World Water Forum: Sharing water should be the motto from now on

Decisions taken at the World Water Forum in Brasilia are bound to play a decisive role in the assessment of sustainable development goals for Agenda 2030
A river reaches the Atlantic Ocean on the coast of Amapa state near Oiapoque city, Brazil(REUTERS)
A river reaches the Atlantic Ocean on the coast of Amapa state near Oiapoque city, Brazil(REUTERS)
Published on Mar 06, 2018 11:02 AM IST
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ByTovar da Silva Nunes and Pedro Ivo Ferraz da Silva

The Pororoca is one of nature´s most dazzling phenomena. When translated from Brazil’s indigenous Tupi-guarani language, it means ‘big rumble’ and denotes the big clash of sea and fresh water that happens every now and then at the Amazon delta, most vigorously in March and April. This clash ultimately results in large (up to 7 metres) tidal waves — similar in shape to the Ganges bores — that are so forceful that they manage to temporarily reverse the natural flow of the river. The victory of the Atlantic waters usually comes at the expense of riverside fauna and flora, and sometimes of careless tourists. The local population has learned to respect the potent “thunder” and seldom ventures into the stream when the Pororoca makes its appearance.

Some 2,000 km down south of the Amazon, and about the same time when the tidal waves are at their highest, more than 40,000 people will be talking about the power of water. Brasilia will host the eighth edition of the World Water Forum (WWF-8), the largest international event on water-related issues, where heads of states and governments, civil society activists, scientists, private sector executives, among others, will gather to discuss the present and future of mankind’s most valuable resource.

This year’s theme is ‘Sharing Water’, and the government authorities are expected to put forth a political declaration, aimed at raising awareness about threats and opportunities associated with water resources and influencing decision-making processes in other multilateral frameworks. Deliberations and conclusions at WWF-8 are bound to play a decisive role in the periodic assessment of the sustainable development goals of Agenda 2030.

There are many reasons why Brazil was chosen as the host this year. Brazil has established a solid institutional and legal framework for water management, based on the principle of multi-stakeholder participation and inclusiveness. Today, the main Brazilian river basins are managed by committees comprised of local authorities, NGOs, citizen associations, researchers and industries.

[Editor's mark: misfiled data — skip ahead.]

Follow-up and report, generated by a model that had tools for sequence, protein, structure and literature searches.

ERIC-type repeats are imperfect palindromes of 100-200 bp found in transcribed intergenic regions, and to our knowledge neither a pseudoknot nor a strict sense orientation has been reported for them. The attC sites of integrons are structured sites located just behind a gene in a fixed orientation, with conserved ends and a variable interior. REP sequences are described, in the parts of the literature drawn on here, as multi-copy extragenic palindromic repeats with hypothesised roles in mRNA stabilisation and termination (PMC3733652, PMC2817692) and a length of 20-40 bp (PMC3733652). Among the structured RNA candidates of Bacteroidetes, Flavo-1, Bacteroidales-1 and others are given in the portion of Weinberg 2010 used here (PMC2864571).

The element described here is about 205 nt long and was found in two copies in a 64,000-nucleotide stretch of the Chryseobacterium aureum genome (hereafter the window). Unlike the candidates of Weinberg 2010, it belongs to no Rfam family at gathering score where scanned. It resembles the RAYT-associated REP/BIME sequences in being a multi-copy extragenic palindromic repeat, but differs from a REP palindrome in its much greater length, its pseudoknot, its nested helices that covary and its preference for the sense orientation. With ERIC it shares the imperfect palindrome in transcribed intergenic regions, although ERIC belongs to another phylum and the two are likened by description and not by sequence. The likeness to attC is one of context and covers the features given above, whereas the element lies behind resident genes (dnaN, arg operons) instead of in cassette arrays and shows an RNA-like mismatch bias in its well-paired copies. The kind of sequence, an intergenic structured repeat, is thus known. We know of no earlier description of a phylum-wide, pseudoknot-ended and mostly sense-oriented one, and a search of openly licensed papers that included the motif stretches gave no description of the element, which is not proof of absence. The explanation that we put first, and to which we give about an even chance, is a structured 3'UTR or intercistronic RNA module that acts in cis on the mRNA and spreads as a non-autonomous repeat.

Brazil has been conducting one of the boldest river interlinking projects in which 500 km of canals will transfer abundant waters from the São Francisco basin to small rivers and weirs in one of Brazil’s most arid areas, benefiting more than 12 million people in almost 400 municipalities.

Despite these assets, Brazil still faces challenges. Some regions in the country remain scarcely supplied by fresh water sources and pollution is a recurring problem in large cities.

India, too, has a large variety of water resources, including a complex network of rivers and a coast that stretches over 7,000 km. An institutional framework consisting of regional river boards and river-cleansing missions has also been set up, while successive central governments have made efforts to address dire needs of irrigation and mitigation of groundwater depletion. As in the case of Brazil, a lot remains to be done. Adequate treatment of industrial wastewater, the fight against contamination of riverbeds and assistance to drought-affected areas are high priority topics for both New Delhi and Brasilia. Due to these commonalities, there is ample room for bilateral cooperation. Furthermore, in multilateral and multi-stakeholder platforms, such as the WWF-8, the close interaction with different actors of the global society will be important to solve many of these problems. Water is a local, regional and global common, and as such, collaboration is key to address most of its associated threats.

As the Pororoca makes its way through the Amazonian landscape and Brasilia hosts the WWF-8, mankind is faced with two facts: water is too powerful a force to be fought over, and a too valuable resource to be lost. To harmonise these two conflicting aspects, sharing water is perhaps the only meaningful motto for the ages to come.

Tovar da Silva Nunes is ambassador of Brazil to India and Pedro Ivo Ferraz da Silva is head of the energy, environment and science, technology & innovation, embassy of Brazil, New Delhi

The views expressed are personal

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